Vladimir Putin has been spreading the big lie that Russian troops had to invade their neighbor in order to “de-Nazify” Ukraine. But most Russians can’t believe that big lie because the Ukrainian government is headed by Volodymyr Zelenskyy, who kept them laughing for years.
Many Russians might not be aware that Zelenskyy is Jewish, lost many family members in the Holocaust, and is more anti-Nazi than the prime-time crew on Fox News. The Washington Post reported that just days before his inauguration as Ukraine’s president on May 9, 2021—Victory Day—Zelenskyy visited the grave of his grandfather, Semyon Ivanovich Zelenskyy, who fought against the Nazis in the Soviet Union’s Red Army during World War II. His grandfather was the only one of four brothers to survive the Holocaust. Semyon’s parents, the families of his brothers, and other relatives were all killed. In a Facebook post that day, Zelenskyy wrote: “[Semyon] went through the whole war and remain[s] forever in my memory one of those heroes who defended Ukraine from the Nazis. Thanks for the fact that the inhuman ideology of Nazism is forever a thing of the past. Thanks to those who fought against Nazism—and won.”
But that’s not the main reason many Russians can’t swallow the BS that Putin is peddling about Zelenskyy posing a threat to Russia. For more than 20 years as a comedian and actor—in live performances, television, and films—Zelenskyy had been making millions of Russians and Ukrainians alike laugh.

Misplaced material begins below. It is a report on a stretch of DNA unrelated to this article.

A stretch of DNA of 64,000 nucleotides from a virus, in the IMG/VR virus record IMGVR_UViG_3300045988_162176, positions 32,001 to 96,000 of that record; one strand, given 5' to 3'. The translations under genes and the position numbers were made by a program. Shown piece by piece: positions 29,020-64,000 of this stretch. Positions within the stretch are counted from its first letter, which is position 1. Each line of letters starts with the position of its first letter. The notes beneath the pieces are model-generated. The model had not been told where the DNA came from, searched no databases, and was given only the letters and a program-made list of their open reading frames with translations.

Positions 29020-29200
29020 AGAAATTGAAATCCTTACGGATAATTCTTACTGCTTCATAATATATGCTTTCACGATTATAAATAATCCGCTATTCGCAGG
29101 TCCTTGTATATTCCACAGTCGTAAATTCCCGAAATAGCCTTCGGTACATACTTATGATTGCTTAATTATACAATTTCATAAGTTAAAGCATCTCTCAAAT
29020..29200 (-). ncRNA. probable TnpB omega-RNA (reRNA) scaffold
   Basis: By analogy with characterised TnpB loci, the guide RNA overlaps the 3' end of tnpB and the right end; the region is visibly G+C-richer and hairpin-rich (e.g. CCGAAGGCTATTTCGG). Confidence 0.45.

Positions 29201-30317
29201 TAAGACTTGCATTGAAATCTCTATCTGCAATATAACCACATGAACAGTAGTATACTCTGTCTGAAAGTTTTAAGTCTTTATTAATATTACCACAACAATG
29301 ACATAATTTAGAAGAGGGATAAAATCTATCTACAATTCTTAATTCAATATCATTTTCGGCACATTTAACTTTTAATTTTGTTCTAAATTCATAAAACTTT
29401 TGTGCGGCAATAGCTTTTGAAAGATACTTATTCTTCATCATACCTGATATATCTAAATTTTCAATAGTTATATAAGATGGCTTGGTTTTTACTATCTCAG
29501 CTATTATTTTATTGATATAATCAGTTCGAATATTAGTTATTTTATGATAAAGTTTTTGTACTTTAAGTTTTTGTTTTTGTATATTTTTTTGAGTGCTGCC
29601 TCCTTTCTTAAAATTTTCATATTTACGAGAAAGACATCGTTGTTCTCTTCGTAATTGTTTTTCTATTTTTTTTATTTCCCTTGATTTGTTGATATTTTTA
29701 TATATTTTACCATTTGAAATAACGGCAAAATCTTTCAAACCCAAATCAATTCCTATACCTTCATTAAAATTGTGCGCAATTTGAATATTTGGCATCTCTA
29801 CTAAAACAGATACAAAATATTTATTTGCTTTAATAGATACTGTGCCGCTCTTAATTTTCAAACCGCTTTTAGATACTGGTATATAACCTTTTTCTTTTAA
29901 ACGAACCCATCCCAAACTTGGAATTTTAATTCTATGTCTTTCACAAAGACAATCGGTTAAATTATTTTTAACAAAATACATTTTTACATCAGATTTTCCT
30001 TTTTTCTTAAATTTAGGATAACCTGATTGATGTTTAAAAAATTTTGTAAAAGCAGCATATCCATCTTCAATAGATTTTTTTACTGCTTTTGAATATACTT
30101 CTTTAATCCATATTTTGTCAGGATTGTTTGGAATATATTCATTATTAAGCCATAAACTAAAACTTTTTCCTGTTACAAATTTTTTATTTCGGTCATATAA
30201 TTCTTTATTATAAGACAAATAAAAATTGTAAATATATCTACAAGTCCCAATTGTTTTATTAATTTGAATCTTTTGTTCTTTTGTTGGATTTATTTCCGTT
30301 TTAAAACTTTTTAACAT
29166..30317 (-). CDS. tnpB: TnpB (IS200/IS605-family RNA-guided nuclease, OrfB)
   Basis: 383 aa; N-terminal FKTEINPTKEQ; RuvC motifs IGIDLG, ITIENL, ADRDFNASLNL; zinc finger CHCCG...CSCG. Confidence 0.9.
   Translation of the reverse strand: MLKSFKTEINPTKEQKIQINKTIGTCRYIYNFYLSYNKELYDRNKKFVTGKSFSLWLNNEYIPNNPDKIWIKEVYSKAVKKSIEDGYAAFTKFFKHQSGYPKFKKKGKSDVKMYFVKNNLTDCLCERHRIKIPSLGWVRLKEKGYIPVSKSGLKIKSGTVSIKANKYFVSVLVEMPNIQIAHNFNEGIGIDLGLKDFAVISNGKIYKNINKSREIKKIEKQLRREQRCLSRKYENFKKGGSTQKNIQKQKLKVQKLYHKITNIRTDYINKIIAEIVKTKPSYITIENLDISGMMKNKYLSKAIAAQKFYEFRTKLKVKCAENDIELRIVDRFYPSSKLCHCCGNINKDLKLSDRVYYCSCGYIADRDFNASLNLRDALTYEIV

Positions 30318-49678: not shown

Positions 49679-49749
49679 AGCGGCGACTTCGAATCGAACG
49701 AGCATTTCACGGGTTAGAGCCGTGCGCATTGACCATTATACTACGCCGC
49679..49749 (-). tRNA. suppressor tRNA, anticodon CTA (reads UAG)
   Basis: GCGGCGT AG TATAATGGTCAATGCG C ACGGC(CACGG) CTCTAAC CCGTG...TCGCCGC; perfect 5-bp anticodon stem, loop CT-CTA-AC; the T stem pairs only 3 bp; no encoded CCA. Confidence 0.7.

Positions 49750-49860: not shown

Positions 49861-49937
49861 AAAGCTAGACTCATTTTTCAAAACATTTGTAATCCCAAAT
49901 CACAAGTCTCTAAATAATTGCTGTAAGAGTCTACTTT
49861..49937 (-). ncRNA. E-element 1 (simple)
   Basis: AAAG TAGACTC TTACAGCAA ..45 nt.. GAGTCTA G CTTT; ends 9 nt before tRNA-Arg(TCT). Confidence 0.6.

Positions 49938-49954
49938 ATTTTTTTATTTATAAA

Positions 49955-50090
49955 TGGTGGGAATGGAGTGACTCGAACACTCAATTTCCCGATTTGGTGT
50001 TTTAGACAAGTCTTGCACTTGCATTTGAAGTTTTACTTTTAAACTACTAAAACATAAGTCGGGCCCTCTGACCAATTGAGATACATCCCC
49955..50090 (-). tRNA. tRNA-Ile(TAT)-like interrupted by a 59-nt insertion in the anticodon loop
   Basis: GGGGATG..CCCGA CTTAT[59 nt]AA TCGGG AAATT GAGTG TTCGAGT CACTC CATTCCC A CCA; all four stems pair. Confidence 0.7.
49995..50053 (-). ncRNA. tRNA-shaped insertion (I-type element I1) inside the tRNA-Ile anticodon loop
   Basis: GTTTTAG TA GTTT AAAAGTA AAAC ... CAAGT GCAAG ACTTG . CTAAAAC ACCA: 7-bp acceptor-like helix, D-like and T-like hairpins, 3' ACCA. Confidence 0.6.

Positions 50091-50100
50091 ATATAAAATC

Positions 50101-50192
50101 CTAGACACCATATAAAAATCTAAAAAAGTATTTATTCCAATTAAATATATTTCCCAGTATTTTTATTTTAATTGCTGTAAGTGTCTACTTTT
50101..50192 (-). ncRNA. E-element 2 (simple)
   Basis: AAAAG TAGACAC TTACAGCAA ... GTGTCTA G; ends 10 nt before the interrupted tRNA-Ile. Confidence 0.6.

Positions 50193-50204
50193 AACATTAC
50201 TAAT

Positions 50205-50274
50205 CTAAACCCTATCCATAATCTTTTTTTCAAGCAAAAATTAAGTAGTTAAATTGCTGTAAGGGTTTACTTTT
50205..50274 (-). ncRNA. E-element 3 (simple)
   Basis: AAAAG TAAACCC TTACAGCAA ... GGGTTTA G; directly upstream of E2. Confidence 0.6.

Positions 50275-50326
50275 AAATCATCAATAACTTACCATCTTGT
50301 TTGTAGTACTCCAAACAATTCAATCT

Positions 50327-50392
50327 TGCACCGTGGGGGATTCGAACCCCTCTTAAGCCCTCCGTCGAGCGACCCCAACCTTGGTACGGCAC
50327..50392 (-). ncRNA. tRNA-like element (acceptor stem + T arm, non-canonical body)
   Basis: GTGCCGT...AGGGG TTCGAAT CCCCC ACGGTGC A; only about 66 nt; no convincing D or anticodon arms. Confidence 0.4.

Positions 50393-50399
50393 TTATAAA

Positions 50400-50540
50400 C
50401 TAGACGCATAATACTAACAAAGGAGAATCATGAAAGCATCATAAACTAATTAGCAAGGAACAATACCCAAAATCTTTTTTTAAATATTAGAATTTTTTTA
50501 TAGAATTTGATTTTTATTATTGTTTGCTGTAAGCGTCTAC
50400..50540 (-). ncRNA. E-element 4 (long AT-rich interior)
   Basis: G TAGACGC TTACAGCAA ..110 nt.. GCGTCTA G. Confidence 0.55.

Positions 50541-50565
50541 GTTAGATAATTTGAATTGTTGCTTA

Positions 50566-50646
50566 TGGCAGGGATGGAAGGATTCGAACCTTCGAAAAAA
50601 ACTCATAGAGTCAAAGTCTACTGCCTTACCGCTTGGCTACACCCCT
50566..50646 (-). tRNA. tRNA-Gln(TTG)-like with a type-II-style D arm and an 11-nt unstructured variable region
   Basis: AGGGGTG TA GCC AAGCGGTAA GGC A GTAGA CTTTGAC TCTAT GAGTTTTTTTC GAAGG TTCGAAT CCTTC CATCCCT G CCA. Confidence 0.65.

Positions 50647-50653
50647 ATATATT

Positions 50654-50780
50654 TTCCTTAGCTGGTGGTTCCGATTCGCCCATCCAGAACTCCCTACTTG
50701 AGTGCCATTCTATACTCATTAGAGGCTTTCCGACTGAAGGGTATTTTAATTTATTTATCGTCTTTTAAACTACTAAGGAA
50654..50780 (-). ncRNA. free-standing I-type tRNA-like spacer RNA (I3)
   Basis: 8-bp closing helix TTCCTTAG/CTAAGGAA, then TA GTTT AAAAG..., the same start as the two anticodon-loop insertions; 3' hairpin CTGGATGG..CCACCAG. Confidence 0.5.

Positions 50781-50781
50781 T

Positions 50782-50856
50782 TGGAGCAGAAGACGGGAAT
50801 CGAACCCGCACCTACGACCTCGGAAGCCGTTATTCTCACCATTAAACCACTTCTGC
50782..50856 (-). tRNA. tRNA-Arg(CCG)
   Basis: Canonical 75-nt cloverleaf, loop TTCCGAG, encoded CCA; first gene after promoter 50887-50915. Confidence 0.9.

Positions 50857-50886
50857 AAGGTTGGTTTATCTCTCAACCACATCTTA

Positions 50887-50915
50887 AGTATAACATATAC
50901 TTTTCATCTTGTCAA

As a teenager, he founded the popular comedy outfit Kvartal 95. Most of his performances were in Russian, his first language. He also was not particularly anti-Russian: In 2014, despite Russia’s annexing of Crimea and stoking revolt in eastern Ukraine, Zelenskyy spoke out against the Ukrainian Ministry of Culture’s plan to ban Russian artists from the country.
So let me introduce you to another side of Zelenskyy’s life that many of you might not know about—his career as an entertainer. And if you want to choose an outsider and TV personality to run the country it’s better to go with a successful comedian rather than a failed businessman reliant on financing from Russian oligarchs.
Let’s start with one routine in which Zelenskyy demonstrated a most unorthodox way of playing the piano. Anonymous: If you’re listening, please hack Russian TV and put this on a 24-hour loop. There’s a longer version on YouTube.
In 2005, Zelenskyy won Ukraine’s version of Dancing with the Stars (DWTS), demonstrating some pretty good moves.
Maybe that’s why Putin-lovin’ traitor Tucker Carlson dislikes Zelenskyy so much—the Fox News host gave one of the worst-ever performances on the U.S. version of DWTS. His Russian partner, Elena Grinenko, tried to prop him up, but couldn’t prevent Tucker from being eliminated in week one.
And here’s Zelenskyy’s brief summation of Ukraine-Russia relations over the centuries.
Zelenskyy also recorded the voice of Paddington Bear in the Ukrainian dubbing of the films Paddington (2014) and Paddington 2 (2017).